As women own and operate more businesses, there is growing interest in how women entrepreneurs can maintain a successful work-life balance. After all, just because a woman starts a company, that doesn’t mean that all of the emotional labor she contributes to her friends, family, and society at large is no longer her responsibility. Even if they are financially successful, many women still find it challenging to balance their energy between work and personal life.
These five tricks will help any woman entrepreneur find success while also keeping her well-being intact.
There’s a reason so many people make the same New Year’s Resolution, year after year: they don’t succeed on the first try. We often jump into things too fast and struggle to change too many things about our lives all at once. When we’re talking about maintaining family and business health, letting these things fall apart can be particularly problematic.
Therefore, the key is to start with small, manageable changes. Don’t try to change your entire routine all at once. Identify one problem and consider what to do to move forward. Once you’ve got your time management, your email prioritization, or your self-care, for example, locked in, move on to the next problem you need to address. By moving slowly, you’ll be more likely to stay the course over time.
Let Go Of Perfection
While many people struggle with the need to be perfect, women are more likely to struggle with the need to be perfect and more likely to be held accountable for perceived imperfections. When women become the ultimate decision-makers in their businesses, the pressure to make everything perfect can negatively affect their motivation, morale, and overall enjoyment of entrepreneurship.
To counteract this, women need to spend some time learning how to let go of their need to be perfect. Author Sarah Hagi once wrote asking for the confidence of a “mediocre white man,” and while the comment itself might be somewhat on the nose, women may want to consider: would their male colleagues be stressed about the imperfection they see? Will implementing the change she’s contemplating make a significant difference to the customer experience or the company’s bottom line?
Letting go of the need to be perfect will make a big difference in a woman’s ability to enjoy her work, her life, and the time in between.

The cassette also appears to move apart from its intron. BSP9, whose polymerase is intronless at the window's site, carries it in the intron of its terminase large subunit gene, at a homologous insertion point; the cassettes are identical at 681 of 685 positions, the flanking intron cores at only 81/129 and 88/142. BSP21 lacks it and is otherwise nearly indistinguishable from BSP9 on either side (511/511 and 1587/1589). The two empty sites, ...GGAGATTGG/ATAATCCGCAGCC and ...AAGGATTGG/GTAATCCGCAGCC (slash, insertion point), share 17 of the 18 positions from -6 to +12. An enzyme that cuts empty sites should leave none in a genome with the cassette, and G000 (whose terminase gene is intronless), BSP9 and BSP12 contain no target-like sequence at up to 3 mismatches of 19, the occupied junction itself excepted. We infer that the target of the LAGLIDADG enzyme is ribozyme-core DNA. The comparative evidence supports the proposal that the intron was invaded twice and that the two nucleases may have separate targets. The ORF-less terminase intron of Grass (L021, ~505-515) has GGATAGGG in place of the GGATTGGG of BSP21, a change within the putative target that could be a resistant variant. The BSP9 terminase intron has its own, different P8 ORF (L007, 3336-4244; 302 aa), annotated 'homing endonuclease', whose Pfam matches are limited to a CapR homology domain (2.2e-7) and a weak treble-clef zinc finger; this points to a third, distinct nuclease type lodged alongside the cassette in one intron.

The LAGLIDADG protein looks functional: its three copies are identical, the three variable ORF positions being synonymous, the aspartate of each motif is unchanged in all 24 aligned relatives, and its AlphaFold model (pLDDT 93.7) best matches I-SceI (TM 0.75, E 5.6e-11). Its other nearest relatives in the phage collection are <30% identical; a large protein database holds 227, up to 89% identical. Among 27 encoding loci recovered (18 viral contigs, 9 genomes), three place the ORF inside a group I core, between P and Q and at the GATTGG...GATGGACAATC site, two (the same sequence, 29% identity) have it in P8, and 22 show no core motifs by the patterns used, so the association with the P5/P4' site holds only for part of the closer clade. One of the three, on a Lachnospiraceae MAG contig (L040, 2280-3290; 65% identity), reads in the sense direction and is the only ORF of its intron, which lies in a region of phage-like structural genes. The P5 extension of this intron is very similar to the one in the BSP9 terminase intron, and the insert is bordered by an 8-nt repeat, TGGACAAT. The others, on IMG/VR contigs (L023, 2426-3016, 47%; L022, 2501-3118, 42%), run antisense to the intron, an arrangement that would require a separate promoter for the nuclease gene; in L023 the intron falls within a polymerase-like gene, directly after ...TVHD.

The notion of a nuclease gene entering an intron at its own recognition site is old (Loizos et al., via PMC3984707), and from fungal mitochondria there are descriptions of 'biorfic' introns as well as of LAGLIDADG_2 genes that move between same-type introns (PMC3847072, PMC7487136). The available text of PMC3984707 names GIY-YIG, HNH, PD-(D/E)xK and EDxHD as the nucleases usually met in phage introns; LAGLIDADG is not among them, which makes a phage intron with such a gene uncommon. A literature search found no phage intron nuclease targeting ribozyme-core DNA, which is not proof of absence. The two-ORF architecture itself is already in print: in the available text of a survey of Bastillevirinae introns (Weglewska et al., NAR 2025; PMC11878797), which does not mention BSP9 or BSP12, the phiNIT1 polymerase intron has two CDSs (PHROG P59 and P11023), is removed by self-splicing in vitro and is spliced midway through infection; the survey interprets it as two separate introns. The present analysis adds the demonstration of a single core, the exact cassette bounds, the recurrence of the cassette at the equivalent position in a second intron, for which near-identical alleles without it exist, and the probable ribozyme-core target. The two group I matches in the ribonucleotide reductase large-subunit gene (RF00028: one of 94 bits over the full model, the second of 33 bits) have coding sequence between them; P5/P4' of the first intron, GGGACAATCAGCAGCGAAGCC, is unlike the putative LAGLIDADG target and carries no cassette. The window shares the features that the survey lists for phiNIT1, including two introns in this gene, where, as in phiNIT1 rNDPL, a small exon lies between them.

Leave Work On Time
All entrepreneurs can benefit from leaving work on time. There are personal benefits, such as being more disciplined with your time management, pushing yourself to prioritize what work must get done and what is just eating your time, and using your outside interests to diversify your company perspective. However, when executives leave work on time, it also positively impacts the company culture. This encourages employees to make the same behavioral choices and creates happier, more productive employees. Integrating mindfulness techniques into your daily routine can make you more productive, as it helps you focus better and reduces stress, allowing you to make more informed decisions.
In the first years of a startup, it may be impossible to get all the work done within 9-5 business days, but all entrepreneurs should be actively looking for opportunities to outsource, delegate, and offload the work for which they are not suited in terms of skills or time.
Leave Work When You Finish Your Workday
When all decisions ultimately cross your desk, it is that much harder to put down your phone and leave work at work. Many executives struggle to stop checking their email, the company’s social media platforms, or the office work, when they’re supposed to be at home or out with friends. Yet cultural changes in Europe are showing that companies are more successful when employees and executives create sane barriers between the work day and the rest of the day.
Even if you’re a solopreneur, it’s crucial to have a strategy in place to ensure you get adequate rest after work. Perhaps you glance at emails but only respond in the office unless there is a (clearly defined) emergency situation. Perhaps social media is entirely off-limits during nonwork hours. You need to make the right choice for you and your company, but make sure you make a choice.
Make Time For Self-Care
Women often struggle with the entire concept of self-care. This is especially true for new mothers; it’s difficult to take time for yourself when there is a tiny person who is often very dependent on you for their needs. Yet executives who aren’t able to take care of themselves often find that their businesses burn out as well.
Self-care can look like many different things. A nice meal out with a spouse once a week. Drinks after work with friends. An exercise class. A hike in the wilderness without cell phone service. Time spent indoors with a good book and a hot beverage. Whatever self-care looks like for you, making sure it happens is crucial to maintaining a personal equilibrium.